Patients in the North Cork region are the first to benefit from a pilot project testing whether ambulance patients could be treated in Mallow General Hospital instead of an emergency department.
Emergency departments around the country are facing an unprecedented winter crisis, with the numbers on trolleys standing at 508 on Monday, including 80 patients alone at Cork University Hospital.
This can mean older people, in particular, brought by ambulance to an emergency department spending time on a trolley waiting for a bed, when, in some cases, their condition could be treated elsewhere.
This pilot programme is assessing the safety of the ambulances bringing patients, after clinical assessment, to Mallow General Hospital, which does not have an emergency department.
Healthcare at the hospital includes general surgery options such as urology and ENT (ear, nose, and throat), general care such as cardiology and gastroenterology, as well as radiology.
There is a set end-date for the pilot because its effectiveness can only be judged once a significant number of patients have been treated in this way.
If the model proves successful, it could pave the way for an overhaul in accessing emergency care around the country.
Mallow is what is known as a Model 2 hospital, similar to those in Ennis and Nenagh.
“There is potential that this could be rolled out to other Model 2 hospitals, depending on the result from this pilot programme,” said the HSE spokesman.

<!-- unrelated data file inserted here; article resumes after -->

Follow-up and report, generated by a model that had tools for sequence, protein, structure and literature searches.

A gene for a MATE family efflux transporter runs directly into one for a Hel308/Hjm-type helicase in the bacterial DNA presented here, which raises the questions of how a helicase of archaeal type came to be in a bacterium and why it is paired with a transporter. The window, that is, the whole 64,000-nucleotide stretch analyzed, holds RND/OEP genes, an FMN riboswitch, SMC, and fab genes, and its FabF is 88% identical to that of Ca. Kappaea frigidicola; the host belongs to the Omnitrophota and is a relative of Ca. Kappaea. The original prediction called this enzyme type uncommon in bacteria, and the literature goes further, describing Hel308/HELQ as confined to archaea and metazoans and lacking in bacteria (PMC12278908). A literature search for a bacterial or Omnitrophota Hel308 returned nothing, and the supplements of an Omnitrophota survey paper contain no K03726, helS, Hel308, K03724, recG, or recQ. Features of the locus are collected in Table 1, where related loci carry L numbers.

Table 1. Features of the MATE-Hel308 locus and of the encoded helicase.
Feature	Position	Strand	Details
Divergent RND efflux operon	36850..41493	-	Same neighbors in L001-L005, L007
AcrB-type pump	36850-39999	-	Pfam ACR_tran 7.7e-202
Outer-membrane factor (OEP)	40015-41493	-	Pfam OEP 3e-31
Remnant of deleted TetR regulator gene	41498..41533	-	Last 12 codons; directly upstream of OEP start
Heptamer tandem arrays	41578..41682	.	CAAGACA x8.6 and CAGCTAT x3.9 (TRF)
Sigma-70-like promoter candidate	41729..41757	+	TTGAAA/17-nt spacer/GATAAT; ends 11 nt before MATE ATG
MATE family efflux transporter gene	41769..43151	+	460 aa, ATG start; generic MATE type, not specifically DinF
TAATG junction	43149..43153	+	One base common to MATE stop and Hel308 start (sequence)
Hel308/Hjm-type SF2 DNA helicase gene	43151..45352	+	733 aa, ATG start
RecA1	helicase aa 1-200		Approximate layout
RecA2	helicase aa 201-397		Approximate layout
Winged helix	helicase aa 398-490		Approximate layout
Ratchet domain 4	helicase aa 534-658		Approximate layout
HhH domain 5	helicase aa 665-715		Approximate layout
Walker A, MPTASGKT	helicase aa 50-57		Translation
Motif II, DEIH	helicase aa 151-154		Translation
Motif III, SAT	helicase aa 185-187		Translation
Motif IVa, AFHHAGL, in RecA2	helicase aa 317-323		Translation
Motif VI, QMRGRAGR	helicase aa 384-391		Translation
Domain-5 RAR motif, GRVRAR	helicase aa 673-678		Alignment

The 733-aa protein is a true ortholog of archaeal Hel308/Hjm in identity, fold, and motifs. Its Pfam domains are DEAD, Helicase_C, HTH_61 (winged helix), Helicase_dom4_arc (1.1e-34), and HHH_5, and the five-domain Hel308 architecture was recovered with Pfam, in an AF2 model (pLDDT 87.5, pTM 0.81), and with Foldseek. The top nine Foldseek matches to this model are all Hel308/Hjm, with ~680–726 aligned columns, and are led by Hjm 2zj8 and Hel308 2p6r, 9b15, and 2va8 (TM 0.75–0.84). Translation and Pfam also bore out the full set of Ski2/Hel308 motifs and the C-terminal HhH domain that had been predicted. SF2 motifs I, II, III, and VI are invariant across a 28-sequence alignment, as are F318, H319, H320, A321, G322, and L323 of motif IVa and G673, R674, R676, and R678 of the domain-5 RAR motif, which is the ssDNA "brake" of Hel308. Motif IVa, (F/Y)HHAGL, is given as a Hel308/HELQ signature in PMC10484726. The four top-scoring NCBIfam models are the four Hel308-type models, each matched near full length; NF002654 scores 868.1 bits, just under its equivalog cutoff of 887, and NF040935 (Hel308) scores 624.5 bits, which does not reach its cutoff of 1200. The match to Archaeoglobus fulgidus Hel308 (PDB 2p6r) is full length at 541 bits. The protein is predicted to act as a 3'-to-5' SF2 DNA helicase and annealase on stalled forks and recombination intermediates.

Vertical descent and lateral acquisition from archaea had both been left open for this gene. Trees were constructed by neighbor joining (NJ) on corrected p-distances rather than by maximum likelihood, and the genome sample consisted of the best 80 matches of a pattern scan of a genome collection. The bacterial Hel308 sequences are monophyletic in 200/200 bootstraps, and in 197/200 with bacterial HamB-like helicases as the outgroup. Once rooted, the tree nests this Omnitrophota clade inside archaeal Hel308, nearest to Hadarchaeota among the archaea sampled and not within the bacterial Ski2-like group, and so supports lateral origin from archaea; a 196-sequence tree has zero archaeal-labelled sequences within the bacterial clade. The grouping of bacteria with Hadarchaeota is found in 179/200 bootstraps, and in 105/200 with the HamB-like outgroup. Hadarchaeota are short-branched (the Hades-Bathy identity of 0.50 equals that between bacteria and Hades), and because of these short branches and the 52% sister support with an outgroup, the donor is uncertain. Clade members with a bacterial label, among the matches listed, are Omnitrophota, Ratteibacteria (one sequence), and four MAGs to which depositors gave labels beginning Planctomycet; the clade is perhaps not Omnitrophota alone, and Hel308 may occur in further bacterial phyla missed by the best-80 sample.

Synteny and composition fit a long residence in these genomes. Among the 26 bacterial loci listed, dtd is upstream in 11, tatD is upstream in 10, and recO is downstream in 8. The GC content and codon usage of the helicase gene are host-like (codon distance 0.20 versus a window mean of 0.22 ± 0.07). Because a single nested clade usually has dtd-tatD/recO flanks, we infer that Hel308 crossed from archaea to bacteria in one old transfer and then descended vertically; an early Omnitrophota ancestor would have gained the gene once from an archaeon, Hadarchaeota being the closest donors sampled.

Speaking to the Oireachtas health committee last week, HSE national clinical advisor (acute operations) Dr Mike O'Connor highlighted programmes such as this as part of the HSE’s efforts to address long waiting times in hospitals.
The Irish Nurses and Midwives Organisation on Tuesday called for an urgent fire safety inspection of Sligo University Hospital by the Health and Safety Authority.
Nurses said they were worried about being able to safely evacuate in the event of a fire, higher risk of assaults on staff, a very high risk of infection transmission, and increased risk of injury due to severely reduced space in which to move between patients.
Meanwhile, Munster patients again faced some of the longest delays, with 20 people also waiting at the Mercy University Hospital in Cork and 60 at University Hospital Limerick.